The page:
But a lot is lost here. I realize that cinema--and pictures in general--are the poetry of our age. We make our metaphors that way, we understand irony that way, and we see ourselves that way. The world is a visual construct. But here's what's lost: nobility. I know it sounds corny, but listen up. We are speaking, writing animals. That's what makes us different from the other creatures with whom we share this planet. We think in words and communicate (mostly) in words. Words elevate us--that's why all our most important rituals are language-centered. The Tempest shouldn't be reduced to a billboard. I'm not saying this film shouldn't have been made--far from it. I think it's fascinating, and says a lot about where we are in history. It's truthful, and I appreciate that. But it's not great. It's not timeless--not even as enduring as the Zeffirelli one, from 1968, which is still the standard-bearer for "popular cinema Shakespeare," as far as I'm concerned. Without the words that make Juliet more than a pretty girl, make Romeo more than a hormonally-overwrought teenage dude, this play is just about a particularly intense hook-up that went really bad. Even that billboard above, from The Tempest, seems like an epitaph for something wonderful that's been lost. When seen in the context of Prospero's actual speech, it's not without irony:

Our revels now are ended. These our actors,
As I foretold you, were all spirits, and
Are melted into air, into thin air;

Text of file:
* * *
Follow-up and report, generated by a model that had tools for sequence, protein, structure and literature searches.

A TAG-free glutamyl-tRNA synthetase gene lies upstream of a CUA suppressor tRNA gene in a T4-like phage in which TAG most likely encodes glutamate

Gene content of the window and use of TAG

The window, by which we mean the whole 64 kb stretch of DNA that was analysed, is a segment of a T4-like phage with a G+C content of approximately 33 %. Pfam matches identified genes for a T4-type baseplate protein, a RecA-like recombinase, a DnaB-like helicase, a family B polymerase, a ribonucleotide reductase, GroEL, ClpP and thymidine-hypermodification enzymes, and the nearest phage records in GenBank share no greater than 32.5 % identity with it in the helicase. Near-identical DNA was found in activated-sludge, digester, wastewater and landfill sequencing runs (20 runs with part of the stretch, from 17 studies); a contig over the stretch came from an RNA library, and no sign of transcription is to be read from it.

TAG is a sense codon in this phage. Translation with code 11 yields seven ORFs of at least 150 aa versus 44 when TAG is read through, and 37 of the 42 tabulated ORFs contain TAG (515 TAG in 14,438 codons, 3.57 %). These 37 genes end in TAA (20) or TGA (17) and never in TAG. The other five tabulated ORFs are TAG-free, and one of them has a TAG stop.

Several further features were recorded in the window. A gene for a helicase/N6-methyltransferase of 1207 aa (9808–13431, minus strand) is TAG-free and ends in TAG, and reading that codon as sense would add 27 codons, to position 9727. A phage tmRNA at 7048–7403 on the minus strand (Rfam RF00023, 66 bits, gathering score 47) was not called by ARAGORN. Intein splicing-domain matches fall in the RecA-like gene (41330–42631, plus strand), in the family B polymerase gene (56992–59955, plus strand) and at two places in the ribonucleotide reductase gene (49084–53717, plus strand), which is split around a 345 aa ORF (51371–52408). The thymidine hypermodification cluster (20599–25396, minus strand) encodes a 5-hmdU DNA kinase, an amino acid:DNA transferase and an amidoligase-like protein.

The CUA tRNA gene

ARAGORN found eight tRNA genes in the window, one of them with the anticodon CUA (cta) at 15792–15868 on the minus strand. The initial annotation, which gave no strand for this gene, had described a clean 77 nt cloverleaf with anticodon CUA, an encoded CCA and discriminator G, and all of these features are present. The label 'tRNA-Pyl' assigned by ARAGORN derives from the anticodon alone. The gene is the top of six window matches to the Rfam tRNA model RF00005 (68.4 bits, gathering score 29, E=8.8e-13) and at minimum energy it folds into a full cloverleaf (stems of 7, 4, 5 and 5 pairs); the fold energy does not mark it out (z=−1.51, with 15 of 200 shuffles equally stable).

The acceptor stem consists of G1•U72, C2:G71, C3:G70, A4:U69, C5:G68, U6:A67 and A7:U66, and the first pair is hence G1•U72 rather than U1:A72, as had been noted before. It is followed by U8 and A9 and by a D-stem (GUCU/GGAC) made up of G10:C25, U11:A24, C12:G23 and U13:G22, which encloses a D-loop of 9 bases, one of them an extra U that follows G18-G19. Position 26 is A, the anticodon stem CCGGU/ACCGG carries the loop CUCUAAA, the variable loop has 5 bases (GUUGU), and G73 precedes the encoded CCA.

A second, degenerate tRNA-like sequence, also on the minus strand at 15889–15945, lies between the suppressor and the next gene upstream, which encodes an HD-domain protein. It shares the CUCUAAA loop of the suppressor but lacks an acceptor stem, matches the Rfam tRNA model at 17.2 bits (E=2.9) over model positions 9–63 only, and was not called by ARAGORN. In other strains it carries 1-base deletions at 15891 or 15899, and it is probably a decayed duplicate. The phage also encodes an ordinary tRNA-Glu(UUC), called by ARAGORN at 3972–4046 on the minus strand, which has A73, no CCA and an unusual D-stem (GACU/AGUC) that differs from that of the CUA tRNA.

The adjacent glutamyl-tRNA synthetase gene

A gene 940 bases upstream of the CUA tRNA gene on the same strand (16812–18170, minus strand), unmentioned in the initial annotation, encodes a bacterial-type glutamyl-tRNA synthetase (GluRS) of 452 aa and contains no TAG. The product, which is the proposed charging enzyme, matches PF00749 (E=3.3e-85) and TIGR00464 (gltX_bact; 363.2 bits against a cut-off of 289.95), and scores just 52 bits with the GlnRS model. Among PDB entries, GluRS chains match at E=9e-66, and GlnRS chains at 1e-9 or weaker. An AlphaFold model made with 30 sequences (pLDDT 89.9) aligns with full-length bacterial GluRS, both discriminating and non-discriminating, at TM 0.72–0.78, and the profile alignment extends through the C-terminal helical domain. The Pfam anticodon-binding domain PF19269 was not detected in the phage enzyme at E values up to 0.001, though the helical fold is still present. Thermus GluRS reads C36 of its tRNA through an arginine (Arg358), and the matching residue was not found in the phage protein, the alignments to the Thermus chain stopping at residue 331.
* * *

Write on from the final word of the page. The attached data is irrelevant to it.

And like the baseless fabric of this vision,
The cloud-capped towers, the gorgeous palaces,
The solemn temples, the great globe itself,
Yea, all which it inherit, shall dissolve;
And, like this insubstantial pageant faded,
Leave not a rack behind. We are such stuff
As dreams are made on, and our little life
Is rounded with a sleep.

Will says it much better than I can, so I'll leave him the last word.

Next: Back to the play.


  1. I was hoping you would write about the films. So what about the 1936 Cukor? or the 1968 Zeffirelli? My high school senior class screened the Zeffirelli circa 1971-72, oh to be 17 again.

    Baz Luhrman's Strictly Bsllroom was lovely--but, I hated Moulin Rouge and I didn't see this version of Romeo and Juliet based on reviews.

    Gotta run out the door, but I want to ask about some of the other modern filmed versions.

  2. I'll definitely write about the Zeffirelli--that's my era too (class of 74) and the film made a big impression. To me, those actors are Romeo and Juliet, which says something about its aesthetic appeal. I also hated Moulin Rouge--a plotless wonder. The 1936 R & J was so roundly panned--but maybe I'll take a look at it. There's a BBC one, too--I will look at that. There'll be at least 1 more movie post, maybe two. At this rate, I'll finish this play around New Years' (hope not--already itching to get to the Merchant). Btw--I don't want to be 17 again! I was a clueless idiot. Maybe 27, though...

  3. I like so many of the films made of the Bard's plays, of the "updates" my favorite is Scotland, Pa with Maura Tierney in the Lady Macbeth role.